Also note the video talks about 1m telescopes which are way easier to build and launch than the James Webb.

    2. There’s also a “societal” element to this, presuming someone’s home.

      What would we do in our current state of affairs if a string of unmanned spacecraft with fissile material (don’t forget the isotope thermoelectric generators to keep everything warm and powered) started showing up on our doorstep?

      The thoughtful answer would be “Examine it to try and figure out who sent it and why”, but there’s a lot of thoughtlessness in the universe. Some of it is always local.

      1. What? We would only be imaging TRAPPIST-1e, not sending the telescopes to it. The telescopes would be at 650 AU, still within our solar system and not even 1/50th of the way to the Oort Cloud. There’s nothing and nobody at 650 AU. TRAPPIST-1e is roughly 39.6 light-years or around 2,504,347 AU away. We’re not sending anything to anyone’s doorstep 39.6 light-years away.

    1. Astronomers recently redid this experiment during a recent eclipse with expected results. It is a very difficult and precise experiment with extremely tight measurements.

    2. Mr. Crosby is corrected. Eddington detected deflection, with stars slightly out of position, NOT the double image lensing. The link provided does not support the contention that “The Eddington experiment in 1919 indicated that there would be a focal ring.”

      “Gravitational lenses are quite rare” No. They are not rare at all. Every sufficiently massive body has one. It’s detecting them that is rare.

      1. I guess the prepending of the word useful would have been helpful, handy, of utility, convenient, here, or profitable, efficacious, damn what’s the exact word I’m looking for to describe how fruitful that would have been?

    1. I was thinking about posting this exact video, you beat me to it. The whole time I read the article I was thinking this is rediclous why would anyone put money in to a project like this whithout using the earth’s lensing effects first. It could be completed much quicker and the risks are far less to equiptment involved.

      1. “why would anyone put money in to a project like this”

        This is a NIAC proposal. NIAC is basically high-risk, high reward long term development. NIAC doesn’t really fund experiments (in the ‘build a satellite’ sense), it funds research that can *lead* to them.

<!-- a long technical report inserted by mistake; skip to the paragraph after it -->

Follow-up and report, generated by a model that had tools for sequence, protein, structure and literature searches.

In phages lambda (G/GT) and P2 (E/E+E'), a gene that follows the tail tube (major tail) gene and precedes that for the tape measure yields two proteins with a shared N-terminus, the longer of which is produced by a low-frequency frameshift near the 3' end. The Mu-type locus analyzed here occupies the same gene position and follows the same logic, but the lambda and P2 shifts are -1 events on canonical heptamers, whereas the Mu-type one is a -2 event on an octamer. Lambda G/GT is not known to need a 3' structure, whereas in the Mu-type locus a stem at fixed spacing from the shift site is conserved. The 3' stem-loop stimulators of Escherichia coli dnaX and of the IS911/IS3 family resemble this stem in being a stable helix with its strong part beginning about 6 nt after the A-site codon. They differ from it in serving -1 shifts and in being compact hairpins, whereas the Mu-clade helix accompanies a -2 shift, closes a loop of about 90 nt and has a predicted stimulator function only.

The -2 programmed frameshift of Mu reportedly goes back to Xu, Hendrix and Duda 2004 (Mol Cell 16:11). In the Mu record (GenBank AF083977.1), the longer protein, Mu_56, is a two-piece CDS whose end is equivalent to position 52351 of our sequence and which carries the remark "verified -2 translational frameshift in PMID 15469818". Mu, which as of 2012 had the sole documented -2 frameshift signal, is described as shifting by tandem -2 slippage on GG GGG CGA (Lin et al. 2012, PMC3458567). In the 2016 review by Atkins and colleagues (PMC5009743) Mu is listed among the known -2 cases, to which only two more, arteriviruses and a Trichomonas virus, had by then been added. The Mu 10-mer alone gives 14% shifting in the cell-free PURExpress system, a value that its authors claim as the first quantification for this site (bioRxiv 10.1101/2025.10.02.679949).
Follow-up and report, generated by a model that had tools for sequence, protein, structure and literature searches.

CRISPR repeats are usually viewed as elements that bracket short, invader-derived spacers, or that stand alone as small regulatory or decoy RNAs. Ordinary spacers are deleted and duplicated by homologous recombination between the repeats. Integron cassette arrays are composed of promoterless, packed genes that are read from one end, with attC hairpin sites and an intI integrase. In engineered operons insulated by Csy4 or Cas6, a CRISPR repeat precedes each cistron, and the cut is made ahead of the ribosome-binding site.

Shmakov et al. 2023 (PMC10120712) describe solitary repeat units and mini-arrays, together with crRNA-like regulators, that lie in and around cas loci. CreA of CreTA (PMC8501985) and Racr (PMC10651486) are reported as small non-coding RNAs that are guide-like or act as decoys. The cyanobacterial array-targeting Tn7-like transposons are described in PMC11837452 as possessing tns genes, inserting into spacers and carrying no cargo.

2. The Terrascope idea is a totally different use-case.

      They’re not talking about using gravity, which would provide a pretty clean image, but instead talking about using the Earth’s atmosphere (like you said) to increase collecting area. The problem with this is that the *resolution* would be limited by seeing (how stable the atmosphere is) just like Earth-based telescopes are, and for a Terrascope the seeing would be dramatically worse (more atmosphere). The paper estimated it as tens of arcseconds, which is ludicrously awful. In other words, the Terrascope would barely be able to resolve *Jupiter*. It would still be useful, though, because of the massive increase in *sensitivity* (still not as large as the SGL idea, obviously, but substantial).

      To actually image exoplanets you need to get down to nano-arcsecond resolution, which the Terrascope definitely wouldn’t provide.

    3. According to the gravitational lens focal lengths of the Earth is 15,375 AU. That’s even greater than the Sun’s focal length by a substantial margin. On the other hand, the Earth doesn’t radiate as egregiously as the sun. Your interesting link posits an outer-atmospheric telescope with a focal length of about 4 Earth-Moon distances. The author mentions a few likely problems, to which I’d add chromatic aberration and poor resolution. Time will tell if it’s a good thing to try.


    1. Mariner 10 (1973) used solar radiation pressure on its panels for attitude control during its passes of Mercury. IKAROS (2010) demonstrated acceleration and attitude control with solar sails on its trip to Venus.